“Welcome to the First National Bank of Mom and Dad. Can I help you pay those bills you’re slacking on taking care of?”
According to a new OnePoll survey done for Chartway Credit Union, more than a third of parents surveyed are still covering their adult children on rent, groceries, and utilities. Rent is the biggest loan. Almost one-quarter (24%) of millennials polled say their parents cover their rent.
But will freeloading kids pull back on their codependency? Not anytime soon.
With an average of six different bills to pay each month, most – 72% – said they intend on taking over their obligations sometime in the next couple of years but nearly 30% said they’re content with sponging off their parents until they’re forced to do otherwise.
Then, there are the kids who are supporting mom and dad
Parents do have financial obligations for raising their children (about $12,000 annually per child), but members of the "sandwich generation" – people in their 30s or 40s who are not only responsible for bringing up their own children but for financially supporting their parents, are feeling some stress.
Another new survey shows that 66% of the sandwich generation are either "very stressed" (29%) or "somewhat stressed" (37%) about affording their family's financial obligations over the next 10 years. The Policygenius survey also found that more than half of the sandwich generation (52%) expect that supporting their mom and dad will cost just as much or even more than supporting their children over the next five years.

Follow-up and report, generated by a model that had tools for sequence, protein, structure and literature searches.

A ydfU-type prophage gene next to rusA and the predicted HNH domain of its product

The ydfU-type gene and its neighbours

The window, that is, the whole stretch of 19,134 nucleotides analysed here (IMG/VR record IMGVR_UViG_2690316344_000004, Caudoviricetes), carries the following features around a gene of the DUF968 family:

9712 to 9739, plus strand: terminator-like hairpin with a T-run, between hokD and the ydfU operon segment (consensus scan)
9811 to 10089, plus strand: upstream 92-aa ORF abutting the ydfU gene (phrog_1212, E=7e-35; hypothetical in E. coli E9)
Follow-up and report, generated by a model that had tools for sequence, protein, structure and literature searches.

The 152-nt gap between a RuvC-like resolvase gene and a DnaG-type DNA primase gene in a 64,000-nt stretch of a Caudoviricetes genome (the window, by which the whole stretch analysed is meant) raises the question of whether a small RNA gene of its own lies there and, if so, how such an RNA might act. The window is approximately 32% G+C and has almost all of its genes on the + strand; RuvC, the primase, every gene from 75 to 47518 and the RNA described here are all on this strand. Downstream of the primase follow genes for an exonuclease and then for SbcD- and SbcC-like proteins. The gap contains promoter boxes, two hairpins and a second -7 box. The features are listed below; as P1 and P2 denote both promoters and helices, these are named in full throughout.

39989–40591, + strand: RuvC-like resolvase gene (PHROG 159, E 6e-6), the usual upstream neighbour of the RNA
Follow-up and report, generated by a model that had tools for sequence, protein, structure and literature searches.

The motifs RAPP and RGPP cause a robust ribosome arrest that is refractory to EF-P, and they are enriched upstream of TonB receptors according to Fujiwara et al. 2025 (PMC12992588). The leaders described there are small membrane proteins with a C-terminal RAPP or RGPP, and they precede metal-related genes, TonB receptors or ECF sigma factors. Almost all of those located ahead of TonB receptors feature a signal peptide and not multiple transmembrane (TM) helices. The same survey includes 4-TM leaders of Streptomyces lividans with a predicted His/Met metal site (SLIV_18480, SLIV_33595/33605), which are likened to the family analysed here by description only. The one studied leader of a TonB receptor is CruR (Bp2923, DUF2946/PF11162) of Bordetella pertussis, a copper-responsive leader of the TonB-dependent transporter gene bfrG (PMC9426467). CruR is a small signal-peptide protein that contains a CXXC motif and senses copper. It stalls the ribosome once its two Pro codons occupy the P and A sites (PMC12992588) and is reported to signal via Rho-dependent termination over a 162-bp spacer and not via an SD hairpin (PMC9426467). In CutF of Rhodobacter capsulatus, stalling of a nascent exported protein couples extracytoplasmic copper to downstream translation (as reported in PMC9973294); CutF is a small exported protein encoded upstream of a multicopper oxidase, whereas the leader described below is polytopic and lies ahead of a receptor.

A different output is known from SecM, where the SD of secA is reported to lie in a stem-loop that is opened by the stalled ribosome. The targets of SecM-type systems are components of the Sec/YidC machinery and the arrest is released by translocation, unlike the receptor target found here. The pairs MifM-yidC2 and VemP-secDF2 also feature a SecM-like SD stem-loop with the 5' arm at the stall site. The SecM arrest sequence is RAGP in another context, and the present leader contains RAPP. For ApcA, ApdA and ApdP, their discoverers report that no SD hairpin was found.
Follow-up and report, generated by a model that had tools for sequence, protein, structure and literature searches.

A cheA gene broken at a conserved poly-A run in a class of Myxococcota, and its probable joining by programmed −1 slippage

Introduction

"Being a caregiver, whether for your children or parents, can be extremely stressful, especially when you're balancing it with other responsibilities and your long-term goals," Myles Ma, personal finance expert at Policygenius, said.
"What's really surprising is how seldom people are talking about what this entails, especially with their loved ones, which could explain why many of them also don't have financial protection, like life insurance, in place."
There ain’t no easy way out, as Tom Petty would say
How does a sandwich’er cope with balancing the stress of supporting both ends of the family? Nearly half said they would use Medicare.
The problem is Medicare doesn't pay for long-term care. Another major stumbling block is even if a sandwich’er helps take care of their parents’ expenses, 49% of parents don't have life insurance to help financially support their loved ones after they die to help repay for what their children provided.
All's not lost, though. HumanGood says that sandwich’ers should check with their local office on aging or visit the National Council on Aging’s Benefits Checkup site to find out what benefits are available. When ConsumerAffairs checked into what needs might be covered, there are several ranging from home-delivered meals to shared, non-medical transportation services.
To find your local office on aging, just do an internet search for “office on aging near me.”